Lower Mainland mayors are hopeful as they wait for the announcement in Wednesday's federal budget that they believe will be the domino that sets off a massive transit expansion here.
"We are cautiously optimistic that we'll get a substantial amount," said New Westminster Mayor Jonathan Coté, who heads a subcommittee on the TransLink mayors' council focused on funding strategies. "It will probably be one of the most substantial ever from a federal government."
Mr. Coté said indications that officials at TransLink – the transportation agency for the Lower Mainland – have had from discussions with the government is that the region will likely get somewhere between $2-billion and $3-billion, counting the money that was already given in a first phase of funding last year. The new money would be from a total transit package of about $16-billion for the country.
The mayors' 10-year plan for transit expansion had pegged the total bill at $7.5-billion for an extension of the Broadway subway, a new light-rail transit line in Surrey connecting the central city with Guildford and Langley, a new Pattullo Bridge, an additional SeaBus, and numerous additions to bus service.
The New Westminster mayor said it also appears likely that the federal money will cover 40 per cent of capital costs in the plan.
That is less than the 50 per cent that Prime Minister Justin Trudeau announced as the federal government's share of first-phase funding, but more than the one-third that Ottawa has typically committed in the past.
Mr. Coté said the federal dollars will open the door for the provincial parties, who are facing a May election, to declare what their potential governments would contribute.
So far, the ruling BC Liberals have said they won't make a firm commitment, beyond 33 per cent for major capital projects, until they see what the federal government is proposing.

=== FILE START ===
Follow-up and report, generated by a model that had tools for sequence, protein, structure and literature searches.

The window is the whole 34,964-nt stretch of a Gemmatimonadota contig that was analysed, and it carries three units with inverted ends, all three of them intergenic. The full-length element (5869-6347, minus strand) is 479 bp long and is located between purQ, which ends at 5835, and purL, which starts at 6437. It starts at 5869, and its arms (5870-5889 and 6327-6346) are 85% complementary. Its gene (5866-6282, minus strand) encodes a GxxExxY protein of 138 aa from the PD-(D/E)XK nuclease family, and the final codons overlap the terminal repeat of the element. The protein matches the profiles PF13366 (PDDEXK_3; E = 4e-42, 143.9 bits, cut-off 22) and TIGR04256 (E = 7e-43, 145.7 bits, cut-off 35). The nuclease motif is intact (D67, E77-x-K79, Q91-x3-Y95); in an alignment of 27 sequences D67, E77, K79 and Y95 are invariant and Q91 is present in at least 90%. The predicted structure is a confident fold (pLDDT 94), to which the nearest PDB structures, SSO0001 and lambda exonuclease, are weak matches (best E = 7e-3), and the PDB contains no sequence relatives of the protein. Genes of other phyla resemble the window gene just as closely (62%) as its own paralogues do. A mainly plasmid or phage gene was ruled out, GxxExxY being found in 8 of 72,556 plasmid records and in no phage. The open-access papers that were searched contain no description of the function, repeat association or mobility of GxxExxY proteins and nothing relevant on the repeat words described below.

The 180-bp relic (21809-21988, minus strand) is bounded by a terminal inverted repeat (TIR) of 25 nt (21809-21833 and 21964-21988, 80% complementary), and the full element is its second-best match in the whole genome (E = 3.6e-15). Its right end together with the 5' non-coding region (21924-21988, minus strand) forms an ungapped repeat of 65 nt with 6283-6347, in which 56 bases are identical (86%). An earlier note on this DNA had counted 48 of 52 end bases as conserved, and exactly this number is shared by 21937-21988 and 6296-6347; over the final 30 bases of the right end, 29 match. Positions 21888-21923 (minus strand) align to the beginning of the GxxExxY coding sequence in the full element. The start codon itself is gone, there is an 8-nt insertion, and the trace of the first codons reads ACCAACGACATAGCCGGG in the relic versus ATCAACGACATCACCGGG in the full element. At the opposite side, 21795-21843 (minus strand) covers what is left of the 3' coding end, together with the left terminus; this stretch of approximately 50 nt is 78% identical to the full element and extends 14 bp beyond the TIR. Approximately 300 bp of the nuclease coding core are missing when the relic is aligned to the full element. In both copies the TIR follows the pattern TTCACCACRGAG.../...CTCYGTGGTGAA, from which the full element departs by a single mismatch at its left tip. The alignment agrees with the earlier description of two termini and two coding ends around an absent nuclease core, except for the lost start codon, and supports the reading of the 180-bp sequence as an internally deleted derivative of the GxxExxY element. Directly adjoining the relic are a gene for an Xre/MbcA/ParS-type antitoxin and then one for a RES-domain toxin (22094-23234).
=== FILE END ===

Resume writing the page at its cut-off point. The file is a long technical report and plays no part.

The provincial NDP has said it would cover 40 per cent of all costs in the mayors' plan, both capital and operating.
Green Party MLA Andrew Weaver has said his party sees a one-third commitment to major capital projects as a starting point, but wants to see what the federal contribution is before saying anything more.
But Mr. Coté said he's hopeful that, once real federal dollars are on the table, the province will jump in to take advantage of that. The same is true for the local mayors, who have sometimes balked at coming up with tax increases to pay for a regional share.
"I don't think either wants to let this slide."
But transit money isn't the only thing people in B.C. will be watching.
The Trudeau campaign in 2015 had also promised a big jump in spending for affordable housing.
The executive director of the B.C. Non-Profit Housing Association believes that will be coming, too. Kishone Roy said early signs show that the budget will likely commit to $12-billion in housing spending over the next decade.
However, he hopes that B.C. will get more than its usual share, based on proportion of the population.
"The crisis in B.C. is worse than in the rest of the country. So we've asked that B.C.'s portion of the funding account for that in some way."
B.C. now accounts for about 13 per cent of Canada's total population. But Mr. Roy said he and others who work in the affordable housing and rental sectors think that B.C. should get about 18 per cent of the allocation.
The province is suffering from a huge backlog in affordable housing because its population grew much more than that of other provinces, its economy has been hot, and housing prices have risen much faster than elsewhere.
"If it's delivered strictly on the basis of population, sending $100,000 to PEI and $100,000 to B.C. isn't fair," Mr. Roy said.